Blame authors' fortunes on monopolism, not university professors, booksellers and librarians -- UPDATED


#1

Originally published at: https://boingboing.net/2019/01/07/nonrepresentative-surveys.html


#2

S&S may be going to HarperCollins? Man, that’s sad. I worked for S&S during the Viacom/CBS split, and even then there were rumors it might be sold off. By media conglomerate standards, traditional book publishing doesn’t contribute enough to the bottom line. It only pays to the extent it can feed material up the line.

I could definitely see Amazon crushing author’s incomes to that extent if that includes vanity programs like the Kindle Lending Library.


#3

Going after public libraries is absurd.

Raise a generation of kids without public libraries and see what happens to author revenues when they grow up.


#4

From Scalzi:

Also, these are self-reported numbers from about 5,000 North American authors, which is a) only a small slice of those writing books, either full-time or part-time, b) represents those who knew about the survey and were motivated to answer it.

Point a is not a real problem, survey sampling works pretty well with small sample sizes (and this doesn’t seem that small) if you don’t accidentally or intentionally choose a biased sample. So point b and self-reporting biases are much more valid complaints.


#5

Alas, indi booksellers are tomorrows Blockbuster. Probably 90% of what I read is not digital. Paper professional journal articles are an annoyance to file and retrieve, so I read PDFs. I am reading 3 books at the moment - 2 pdfs and 1 hardbound. I just published a paper academic book which is also downloadable. Alas, though I do not make a nickel, the book sells for $63! That is a rip, but I am sure many readers will find cheaper access.


#6

There’s always been a certain amount of resentment of libraries because the idea that people are reading for free annoys them. Yeah, it’s short-sighted and stupid, but that doesn’t stop them from whining.


#7

The analogy with music and movies/TV is apparent. The content creators and content consumers are at the mercy of the middlemen, who reap the profit. Technology should be democratizing all areas of content creation and consumption, bringing the creators closer to the consumers with less interference and siphoning off less of the rewards. Instead, it’s just shifted the leeches from old-school media barons to techbro monopolies.


#8

Since the invention of the movie, author salaries have been pretty bad. In the distant past, people like Twain or Dumas could get, if not rich, then very well off just from writing. Back when print was the only mass-market entertainment medium, buy books were IT.

Since the beginning of visual/sonic entertainments that don’t require literacy, literacy and author salaries have been declining. Lots and lots of people who might have bought books in 1885 don’t buy books. Why should they when they can get more bang for their buck from movies or TV? In the 20th century, “Don’t quit your day job” became a universal writers’ mantra because poverty was the most likely outcome of doing so.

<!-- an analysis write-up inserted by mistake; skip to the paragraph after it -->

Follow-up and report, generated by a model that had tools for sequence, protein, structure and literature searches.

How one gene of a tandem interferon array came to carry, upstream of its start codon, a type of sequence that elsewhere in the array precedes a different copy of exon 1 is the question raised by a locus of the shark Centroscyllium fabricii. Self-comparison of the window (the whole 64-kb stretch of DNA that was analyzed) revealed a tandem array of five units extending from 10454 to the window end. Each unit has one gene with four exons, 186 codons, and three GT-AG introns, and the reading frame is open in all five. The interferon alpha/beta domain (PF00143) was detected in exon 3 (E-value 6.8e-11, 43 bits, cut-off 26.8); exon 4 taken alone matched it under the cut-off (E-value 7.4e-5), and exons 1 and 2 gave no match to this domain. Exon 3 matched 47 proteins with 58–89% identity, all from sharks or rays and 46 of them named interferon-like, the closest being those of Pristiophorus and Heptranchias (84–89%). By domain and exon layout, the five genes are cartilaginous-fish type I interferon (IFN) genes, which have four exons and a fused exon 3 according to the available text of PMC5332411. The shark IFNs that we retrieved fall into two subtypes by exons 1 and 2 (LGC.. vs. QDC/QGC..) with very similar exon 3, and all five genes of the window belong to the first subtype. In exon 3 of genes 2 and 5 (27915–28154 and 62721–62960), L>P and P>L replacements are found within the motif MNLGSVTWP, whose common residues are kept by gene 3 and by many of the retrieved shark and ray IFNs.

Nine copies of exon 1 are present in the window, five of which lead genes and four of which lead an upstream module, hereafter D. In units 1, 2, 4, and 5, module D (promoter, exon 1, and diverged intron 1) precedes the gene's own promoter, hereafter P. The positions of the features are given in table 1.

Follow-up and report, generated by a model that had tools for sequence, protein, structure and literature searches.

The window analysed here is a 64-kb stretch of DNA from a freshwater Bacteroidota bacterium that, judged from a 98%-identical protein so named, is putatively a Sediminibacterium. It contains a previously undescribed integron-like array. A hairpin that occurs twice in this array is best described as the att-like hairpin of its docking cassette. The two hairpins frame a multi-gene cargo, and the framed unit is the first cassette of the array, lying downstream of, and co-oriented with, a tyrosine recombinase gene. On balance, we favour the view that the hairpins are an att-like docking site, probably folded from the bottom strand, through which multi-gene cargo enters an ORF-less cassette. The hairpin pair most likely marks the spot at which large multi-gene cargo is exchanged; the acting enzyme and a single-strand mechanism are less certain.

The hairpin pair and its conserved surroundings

Scalzi could have used one example from his own field: Among science fiction writers in the 20th Century, Robert Heinlein was a notable exception to the rule. He became famous among other SF writers because he was the only one who actually made a decent living JUST from his writing. Every other writer in the genre wrote SF because he felt the need to write imaginative works, and he wrote for magazines and newspapers under pseudonyms because he felt the need to pay the utility bills.

Now, books are an interest of only a minority of the population, because books place too great a demand on people. Books require people to be able to read and to think at least a little. And way too many Americans find thinking painful. It interferes with listening to Garth Brooks or R Kelly and it makes them realize that binge drinking and drug use are not sensible. Too many Americans don’t know a damn thing and they hate and fear anyone who does.


#9

Writing never paid all that well. There have always been a few stars like Dickens or Hemingway or Rowling who could get what they wanted from publishers or work around them. The best advice for anyone who wanted to write was not to quit one’s day job.

My father was a tax accountant who had a few writers among his clients, so I never had illusions about the writing business. (It was mainly 1099s, not W2s. Depression era kids like my father wanted W2s.) I think it is generally harder to make a middle class living than it used to be, especially for young people, but that’s been a result of our nation’s general downward mobility, a matter of policy.

Writing was always part of the gig economy whether you had a big publisher contract or just did work for hire on individual projects. It was always about selling the next bunch of words. Having fewer big publishers doesn’t help, but their big advantage is that everyone knows their names. People return their calls. It has always been possible to work around them. If anything, it is easier than ever.


#10

I would argue that all of the people who might have bought books in 1885 haven’t bought books for years.


closed #11

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